According to The New York Times, President Obama will announce a series of environmental policy decisions this week.

Not on My Watch

Today, the president basically said that GM wasn’t going to go bankrupt on his watch.

Congressional Republicans, predictably, are livid. But I don’t really know what choice the president had.

Republicans lost the last election. They lost especially in the Upper Midwest, Northeast, and in the West. The remaining Southern senators and representatives seem intent on making this a fight between labor and Republicans, and dragging GM down as a point of personal privilege.

There's Something in the Air ...

Not being trained in economics, political science or anthropology, I can speak only as an amateur observer. Still, it's clear that a lot of people are sensing the same thing: There are monumental changes taking place around us.

One hardly knows where to begin, but certainly the radical restructuring of the global finance system is one place. Beyond that, the quasi-nationalization of U.S. and European banks and insurance companies, and perhaps even of the American auto industry, all mean that the economic landscape will appear very different a year from now, or even three months from now. Or sooner.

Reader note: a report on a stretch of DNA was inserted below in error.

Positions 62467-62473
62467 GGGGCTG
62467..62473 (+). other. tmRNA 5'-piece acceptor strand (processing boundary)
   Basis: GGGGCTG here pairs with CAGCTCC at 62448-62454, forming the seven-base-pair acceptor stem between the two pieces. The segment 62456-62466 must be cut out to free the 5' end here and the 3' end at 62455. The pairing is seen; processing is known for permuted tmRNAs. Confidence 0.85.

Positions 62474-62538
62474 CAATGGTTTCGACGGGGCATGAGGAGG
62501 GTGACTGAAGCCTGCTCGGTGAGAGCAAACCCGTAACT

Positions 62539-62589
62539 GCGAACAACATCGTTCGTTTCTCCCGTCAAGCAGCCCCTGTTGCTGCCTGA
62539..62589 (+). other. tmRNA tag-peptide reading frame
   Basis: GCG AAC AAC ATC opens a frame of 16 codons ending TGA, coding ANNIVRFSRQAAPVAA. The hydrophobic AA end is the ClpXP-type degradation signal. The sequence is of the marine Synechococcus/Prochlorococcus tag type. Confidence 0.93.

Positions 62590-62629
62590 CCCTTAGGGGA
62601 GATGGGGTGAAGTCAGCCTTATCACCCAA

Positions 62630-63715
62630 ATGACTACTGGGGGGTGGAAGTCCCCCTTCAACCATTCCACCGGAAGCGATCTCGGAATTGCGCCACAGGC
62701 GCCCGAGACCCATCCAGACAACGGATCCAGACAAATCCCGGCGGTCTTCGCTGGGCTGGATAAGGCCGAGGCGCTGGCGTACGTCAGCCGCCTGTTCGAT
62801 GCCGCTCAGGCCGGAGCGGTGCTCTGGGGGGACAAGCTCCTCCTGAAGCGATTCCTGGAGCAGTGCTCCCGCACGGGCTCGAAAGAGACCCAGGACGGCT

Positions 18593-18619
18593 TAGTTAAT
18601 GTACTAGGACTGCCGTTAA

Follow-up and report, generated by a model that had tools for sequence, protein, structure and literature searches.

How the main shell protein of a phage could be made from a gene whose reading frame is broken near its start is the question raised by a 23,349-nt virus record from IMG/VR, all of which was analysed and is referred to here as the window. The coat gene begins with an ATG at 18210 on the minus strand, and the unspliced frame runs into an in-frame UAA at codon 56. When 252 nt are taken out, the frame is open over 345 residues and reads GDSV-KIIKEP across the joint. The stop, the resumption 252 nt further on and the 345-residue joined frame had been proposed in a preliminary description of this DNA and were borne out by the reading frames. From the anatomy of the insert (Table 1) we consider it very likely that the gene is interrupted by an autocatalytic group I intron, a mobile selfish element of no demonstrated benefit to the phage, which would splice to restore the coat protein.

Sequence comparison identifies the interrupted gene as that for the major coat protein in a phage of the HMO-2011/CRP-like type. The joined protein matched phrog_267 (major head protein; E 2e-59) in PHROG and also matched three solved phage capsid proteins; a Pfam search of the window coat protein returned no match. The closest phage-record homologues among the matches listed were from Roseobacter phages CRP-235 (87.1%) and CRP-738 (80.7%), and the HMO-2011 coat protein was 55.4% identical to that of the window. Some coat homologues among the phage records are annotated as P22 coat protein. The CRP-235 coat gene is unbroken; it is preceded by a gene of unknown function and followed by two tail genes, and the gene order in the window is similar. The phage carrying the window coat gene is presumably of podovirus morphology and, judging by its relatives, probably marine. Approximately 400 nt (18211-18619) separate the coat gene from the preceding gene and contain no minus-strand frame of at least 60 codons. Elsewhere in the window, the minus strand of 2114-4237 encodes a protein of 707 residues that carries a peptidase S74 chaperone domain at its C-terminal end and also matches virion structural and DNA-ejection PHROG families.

New Orleans: The New Atlantis

Stop Trying to Rebuild a City That is Being Reclaimed by the Sea

ST. PAUL — While many people have dismissed Al Gore and his ilk as tree-hugging liberals bent on curbing our way of life, there is one thing he is dead right about. Something strange is happening to the earth’s climate. Hurricanes Katrina and Gustav, and the tsunamis in the Asian Pacific may be just the tip of the iceberg in terms of imminent climatic threats to the world, and should give us pause to consider whether or not rebuilding New Orleans is really such a good idea.

While Gustav’s bark proved to be much worse than its bite, the fact that the collective consciousness viewed it as a serious enough threat to halt a political convention over a thousand miles away speaks volumes. People are genuinely concerned about whether New Orleans can survive as a city. With each successive season, and despite Herculean feats of engineering, the sea takes a little more of the city back into its bosom.

Beijing's Design: Smart, Chic and Green

China called upon the world community of gifted talent to build and design the most magnificent, green, tech-savvy buildings that you've ever seen, all done with Chinese thoughtfulness. There's no way that London will be able to have so many new sports stadiums built by so many renowned architects.

The three main tennis courts in the Olympic Forest Park are dodecagons, with each of the 12 sides serving as a stand. The stands, in turn, look like petals of a lotus flower. Taking into account the size of the tennis ball and its high speed, the architects designed steep stands that give fans the best line of sight, according to Zheng Fang, chief architect of the Shenzhen Design Consultant Corporation.